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Observation of the inverse Doppler effect in negative-index materials at optical frequencies

Nature Photonics volume 5, pages 239245 (2011) | Download Citation

  • An Addendum to this article was published on 30 June 2011

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Abstract

The Doppler effect is a fundamental frequency shift phenomenon that occurs whenever a wave source and an observer are moving with respect to one another. It has well-established applications in astrophotonics, biological diagnostics, weather and aircraft radar systems, velocimetry and vibrometry. The counterintuitive inverse Doppler effect was theoretically predicted in 1968 by Veselago1 in negative-index materials2. However, because of the tremendous challenges of frequency shift measurements inside such materials, most investigations of the inverse Doppler effect have been limited to theoretical predictions and numerical simulations3,4,5,6,7. Indirect experimental measurements have been conducted only in nonlinear transmission lines at 1–2 GHz (ref. 8) and in acoustic media at 1–3 kHz (ref. 9). The inverse Doppler shift at optical frequencies was demonstrated in an acousto-optic modulator using a fibre Bragg grating10. Here, we report the first experimental observation of the inverse Doppler shift at an optical frequency (λ = 10.6 µm) by refracting a laser beam in a photonic-crystal prism that has the properties of a negative-index material.

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Change history

  • 03 June 2011

    The News & Views 'Backwards Doppler shifts' (Nature Photon. 5, 199–200; 2011), should have cited a relevant manuscript that was published in October 1997: Liu, W. F., Russell, P. St. J. & Dong, L. Opt. Lett. 22, 1515–1517 (1997). The manuscript describes positive and negative Doppler shifts at optical frequencies in an acousto-optic superlattic modulator using a fibre Bragg grating. Associated amendments have been made to the text and the references have been renumbered accordingly. This revision has been made to the HTML and PDF versions.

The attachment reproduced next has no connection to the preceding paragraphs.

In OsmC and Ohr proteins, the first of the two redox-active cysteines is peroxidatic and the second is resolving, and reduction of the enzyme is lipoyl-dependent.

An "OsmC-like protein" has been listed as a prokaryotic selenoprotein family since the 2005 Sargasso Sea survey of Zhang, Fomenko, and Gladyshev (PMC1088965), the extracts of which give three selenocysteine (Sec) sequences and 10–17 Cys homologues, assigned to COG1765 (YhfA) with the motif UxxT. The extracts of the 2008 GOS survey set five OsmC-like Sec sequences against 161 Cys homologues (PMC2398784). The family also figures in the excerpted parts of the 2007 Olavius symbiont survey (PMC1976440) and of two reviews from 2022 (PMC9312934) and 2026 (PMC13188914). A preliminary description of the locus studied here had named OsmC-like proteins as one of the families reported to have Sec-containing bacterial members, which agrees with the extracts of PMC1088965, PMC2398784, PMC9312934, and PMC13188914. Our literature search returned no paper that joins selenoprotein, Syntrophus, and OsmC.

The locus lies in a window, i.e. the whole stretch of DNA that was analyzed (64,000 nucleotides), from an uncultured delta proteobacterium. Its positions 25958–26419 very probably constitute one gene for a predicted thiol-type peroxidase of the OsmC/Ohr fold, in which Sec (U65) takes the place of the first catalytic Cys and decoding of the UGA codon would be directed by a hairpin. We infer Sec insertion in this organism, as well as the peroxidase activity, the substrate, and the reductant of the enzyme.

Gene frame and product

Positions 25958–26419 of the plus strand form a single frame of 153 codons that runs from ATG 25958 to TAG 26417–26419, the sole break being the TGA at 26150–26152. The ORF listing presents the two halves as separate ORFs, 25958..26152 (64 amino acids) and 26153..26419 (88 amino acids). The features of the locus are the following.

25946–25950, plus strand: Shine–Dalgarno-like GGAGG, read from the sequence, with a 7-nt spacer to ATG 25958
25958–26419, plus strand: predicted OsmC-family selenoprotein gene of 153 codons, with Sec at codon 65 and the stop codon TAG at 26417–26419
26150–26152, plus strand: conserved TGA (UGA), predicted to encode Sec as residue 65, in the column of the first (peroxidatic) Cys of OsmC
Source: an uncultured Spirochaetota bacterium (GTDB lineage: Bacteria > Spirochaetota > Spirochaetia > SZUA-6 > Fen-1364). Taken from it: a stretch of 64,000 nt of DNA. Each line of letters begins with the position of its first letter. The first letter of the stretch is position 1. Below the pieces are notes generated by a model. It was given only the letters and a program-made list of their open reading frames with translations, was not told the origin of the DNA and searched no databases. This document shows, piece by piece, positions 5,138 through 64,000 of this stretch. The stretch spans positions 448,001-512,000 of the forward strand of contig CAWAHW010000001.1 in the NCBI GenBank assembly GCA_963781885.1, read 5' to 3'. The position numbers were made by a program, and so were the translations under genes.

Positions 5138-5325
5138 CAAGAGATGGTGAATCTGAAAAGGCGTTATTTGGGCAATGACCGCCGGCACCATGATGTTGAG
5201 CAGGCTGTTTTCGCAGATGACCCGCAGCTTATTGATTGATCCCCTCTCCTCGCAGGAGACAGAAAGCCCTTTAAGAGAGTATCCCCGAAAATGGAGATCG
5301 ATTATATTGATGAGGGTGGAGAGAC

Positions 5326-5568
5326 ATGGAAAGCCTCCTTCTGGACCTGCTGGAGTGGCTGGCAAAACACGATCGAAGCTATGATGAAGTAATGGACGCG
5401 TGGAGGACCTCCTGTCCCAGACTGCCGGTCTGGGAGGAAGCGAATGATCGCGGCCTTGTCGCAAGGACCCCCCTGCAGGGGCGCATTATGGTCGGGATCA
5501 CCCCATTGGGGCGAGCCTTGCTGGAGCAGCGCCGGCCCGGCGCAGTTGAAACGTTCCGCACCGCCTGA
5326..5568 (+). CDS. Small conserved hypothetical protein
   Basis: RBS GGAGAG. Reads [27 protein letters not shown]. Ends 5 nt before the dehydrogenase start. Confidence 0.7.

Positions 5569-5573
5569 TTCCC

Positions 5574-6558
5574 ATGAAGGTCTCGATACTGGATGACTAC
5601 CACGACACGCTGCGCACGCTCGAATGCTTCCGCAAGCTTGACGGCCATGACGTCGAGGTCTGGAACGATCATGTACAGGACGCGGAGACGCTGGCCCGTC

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Acknowledgements

This work is supported by the National Basic Research Program of China (2007CB935303, 2011CB707504), the National Natural Science Foundation of China (60778031, 61008044) and the Shanghai Leading Academic Discipline Project (S30502). Min Gu acknowledges support from the Australian Research Council (ARC) under the Centres of Excellence programme and the Laureate Fellowship scheme (FL100100099). Baohua Jia thanks the ARC for support through APD grant DP0987006.

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Affiliations

  1. Shanghai Key Lab of Contemporary Optical System, Optical Electronic Information and Computer Engineering College, University of Shanghai for Science and Technology, Shanghai 200093 China

    • Jiabi Chen
    • , Yan Wang
    • , Tao Geng
    • , Lie Feng
    • , Wei Qian
    • , Bingming Liang
    • , Xuanxiong Zhang
    •  & Songlin Zhuang
  2. College of Physics and Communication Electronics, Jiangxi Normal University, Nanchang 330022 China

    • Yan Wang
  3. Center for Micro-Photonics and CUDOS, Swinburne University of Technology, John Street Hawthorn, Victoria 3122, Australia

    • Baohua Jia
    • , Xiangping Li
    •  & Min Gu

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Contributions

J.C., Y.W., T.G. and S.Z. designed and performed experiments, analysed data and wrote the paper. B.J., X.L. and M.G. designed the supplemental experiment and the physical strategy of the numerical calculations, analysed data and wrote the paper. B.L. designed and performed experiments. L.F. and W.Q. performed experiments. X.Z. prepared the photonic crystal prisms.

Competing interests

The authors declare no competing financial interests.

Corresponding authors

Correspondence to Tao Geng or Min Gu.

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DOI

https://doi.org/10.1038/nphoton.2011.17

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